Ireland has a tradition of educational excellence. The National Centre for Technology in Education (NCTE) has the task of ensuring that, through the integration of ICT, excellence is not only sustained but exemplified by Ireland’s primary and post-primary schools.
The information revolution, which includes computing, the internet and mobile devices, has brought so many sweeping changes that its impact could surpass even the invention of the printing press by Gutenberg in the 15th century. However, with the advent of the technology revolution comes the need to make hard choices and effective future-oriented decisions.
In the case of Ireland’s highly respected education system, the challenge is to ensure that not only can technological change be accommodated and that this educational excellence be sustained, but room is also made for new ways of learning and new educational outcomes to ensure Ireland fields the workforce of tomorrow.
Charged with the task of supporting and advising on the integration of technology in learning and teaching in Irish schools, the National Centre for Technology in Education (NCTE) has a broad remit: designing and providing ICT professional development for teachers; sourcing online resources; developing and maintaining Scoilnet; advising on technical configurations, broadband supports and assisting schools in ICT-led change for 21st-century learning.
Led by director Jerome Morrissey, the NCTE has for the past decade not only carefully managed this task but strived to match the personal commitment of parents and teachers in ensuring that Ireland’s classrooms are the engine rooms of inspiration for that cherished resource, our children.
Evidence exists, he says, that access to high-quality online digital content and the use of digital media not only helps to deliver curricular objectives but also raises motivation levels and adds to student achievement.
The €150m Smart Schools=Smart Economy investment by the Department of Education and Skills will supercharge the deployment of the technologies and digital tools for students and teachers alike. Under the scheme, over the next three years every classroom in the country will have access to classroom laptops, digital projectors and other ICT equipment alongside access to professional development, online resources and other digital content tools.
Concurrently with this, the first 78 post-primary schools in the country will begin this school year with 100Mbps broadband as part of a scheme spearheaded by the Department of Communications, Energy and Natural Resources. The objective is that within two years every post-primary school will have this quality of high-speed broadband.
In parallel, the NCTE will be driving a strategy to upgrade the internal networking capability and provide online digital learning resources to schools.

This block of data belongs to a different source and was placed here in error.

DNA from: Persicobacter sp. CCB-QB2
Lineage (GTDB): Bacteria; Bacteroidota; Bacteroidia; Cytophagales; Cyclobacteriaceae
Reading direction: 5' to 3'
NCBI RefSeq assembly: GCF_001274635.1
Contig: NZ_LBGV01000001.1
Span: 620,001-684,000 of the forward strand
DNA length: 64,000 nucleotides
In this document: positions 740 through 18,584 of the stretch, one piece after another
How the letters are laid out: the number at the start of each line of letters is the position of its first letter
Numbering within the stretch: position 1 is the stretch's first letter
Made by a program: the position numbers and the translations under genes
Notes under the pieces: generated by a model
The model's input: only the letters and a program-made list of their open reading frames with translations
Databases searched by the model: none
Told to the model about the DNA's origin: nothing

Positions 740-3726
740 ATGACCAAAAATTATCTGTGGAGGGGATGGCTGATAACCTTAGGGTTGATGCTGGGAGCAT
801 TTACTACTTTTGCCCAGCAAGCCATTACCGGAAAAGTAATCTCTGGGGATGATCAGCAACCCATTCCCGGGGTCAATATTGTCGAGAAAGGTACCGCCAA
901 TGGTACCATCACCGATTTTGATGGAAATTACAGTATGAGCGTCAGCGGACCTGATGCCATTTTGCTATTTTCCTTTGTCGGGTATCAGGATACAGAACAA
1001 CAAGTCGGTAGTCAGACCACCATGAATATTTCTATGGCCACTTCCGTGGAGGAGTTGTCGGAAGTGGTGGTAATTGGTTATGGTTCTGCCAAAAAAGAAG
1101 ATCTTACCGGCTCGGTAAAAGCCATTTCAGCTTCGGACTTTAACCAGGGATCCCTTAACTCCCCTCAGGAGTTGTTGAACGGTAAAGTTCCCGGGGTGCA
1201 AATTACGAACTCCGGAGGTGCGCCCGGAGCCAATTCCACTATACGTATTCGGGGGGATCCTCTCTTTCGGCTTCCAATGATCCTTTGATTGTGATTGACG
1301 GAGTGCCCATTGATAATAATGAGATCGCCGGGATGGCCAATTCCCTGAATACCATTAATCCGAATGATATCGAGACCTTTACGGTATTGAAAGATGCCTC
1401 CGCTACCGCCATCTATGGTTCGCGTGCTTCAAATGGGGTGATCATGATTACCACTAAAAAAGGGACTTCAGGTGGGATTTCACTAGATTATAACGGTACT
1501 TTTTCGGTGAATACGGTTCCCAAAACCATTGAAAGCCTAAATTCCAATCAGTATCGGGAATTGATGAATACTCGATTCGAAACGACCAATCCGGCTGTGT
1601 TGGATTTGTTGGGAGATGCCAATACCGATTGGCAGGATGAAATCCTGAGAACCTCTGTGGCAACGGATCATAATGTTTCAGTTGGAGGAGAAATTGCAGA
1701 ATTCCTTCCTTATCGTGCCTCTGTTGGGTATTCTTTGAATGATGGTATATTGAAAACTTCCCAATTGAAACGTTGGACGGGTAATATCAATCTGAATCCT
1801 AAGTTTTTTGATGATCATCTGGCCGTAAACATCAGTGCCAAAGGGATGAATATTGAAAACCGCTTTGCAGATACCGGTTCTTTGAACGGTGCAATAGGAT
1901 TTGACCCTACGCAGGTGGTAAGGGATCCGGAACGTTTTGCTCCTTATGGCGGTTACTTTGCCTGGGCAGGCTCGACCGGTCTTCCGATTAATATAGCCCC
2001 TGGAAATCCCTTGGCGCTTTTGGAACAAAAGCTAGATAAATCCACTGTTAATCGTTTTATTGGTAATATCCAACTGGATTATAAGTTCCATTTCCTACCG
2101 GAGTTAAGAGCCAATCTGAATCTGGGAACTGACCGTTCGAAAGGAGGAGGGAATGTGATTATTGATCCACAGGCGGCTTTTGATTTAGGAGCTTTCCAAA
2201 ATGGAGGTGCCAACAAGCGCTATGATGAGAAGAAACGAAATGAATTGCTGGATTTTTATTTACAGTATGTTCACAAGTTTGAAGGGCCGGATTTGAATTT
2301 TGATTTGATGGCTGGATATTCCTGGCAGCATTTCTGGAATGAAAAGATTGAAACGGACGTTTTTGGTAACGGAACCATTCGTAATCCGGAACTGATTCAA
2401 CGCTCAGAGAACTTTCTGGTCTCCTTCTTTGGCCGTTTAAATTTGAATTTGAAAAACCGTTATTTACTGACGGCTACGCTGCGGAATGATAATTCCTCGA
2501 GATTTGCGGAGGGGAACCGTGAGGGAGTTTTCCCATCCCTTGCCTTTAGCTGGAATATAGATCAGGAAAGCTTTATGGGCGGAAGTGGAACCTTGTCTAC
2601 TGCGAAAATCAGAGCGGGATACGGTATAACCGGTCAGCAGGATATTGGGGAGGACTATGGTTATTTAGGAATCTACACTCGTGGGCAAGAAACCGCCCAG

This significant broadband initiative is a collaboration between the Department of Education and Science and the Department of Communications, Energy and Natural Resources and leads from the recognition by both Ministers Mary Coughlan TD and Eamon Ryan TD that access to internet–based resources is now essential to enhance the learning experience of our students.
We need to pay close attention to how young people engage with technology in the rest of their lives and explore what methodologies and what learning environments can best incorporate this use so that learning will be more engaging, more interesting and more intellectually stimulating.
While arguments have been made that technology investment should have taken place in the boom years, the fact that the investment is taking place now, at a time when technology is not only more affordable but even more cutting edge than before, is very opportune.
Morrissey says it must be recognised that this €150m investment by the Government is being made in tough times.
However, he thinks now is the optimal time. We will be much more discriminating and creative in ensuring that scarce funds are used to the absolute best practical purposes. Ten years ago, 100Mbps broadband in schools wouldn’t have been possible or affordable.
Morrissey says that Ireland – a country that gains so much economically from the presence of Europe’s largest concentration of technology companies – has to make sure its education system reflects the image and quality of a technological advanced nation in its education system.
“In parallel with government investment in ICT in schools there is a strong and realistic expectation that industry, as partners in this initiative, will contribute in a number of real and tangible ways to assisting ICT integration in Irish schools” he says.
e-Learning planning in schools
Successful integration of ICT in schools demands confident and committed leadership from the principal and an e-learning team.
Morrissey says Ireland’s own experience and that of Europe tells us that schools need to have an e-learning plan in place which ties in with the whole school plan to ensure that ICT is integrated in all areas of learning and teaching.
To assist schools in this regard the NCTE has developed a number of supports including e-learning planning seminars for principals; a handbook, Planning and Implementing e-Learning in your School: A Handbook for Principals & ICT Cooordinating teachers; as well as an online course. In the past academic year, the NCTE received very positive feedback on the nationwide set of seminars for primary-school principals on e-learning planning and will run similar seminars for post-primary principals.
Classrooms of the future
In the future, students will bring their own computing devices to class, so schools should prioritise good wireless networks throughout their buildings. Smartphones and new portable computers such as the iPad can use the school’s wireless connectivity to access online learning content, as well as create and manipulate content using different digital-media tools. This capability will present challenges for classroom management of digital technology – how will teachers manage the presence of these devices in classrooms?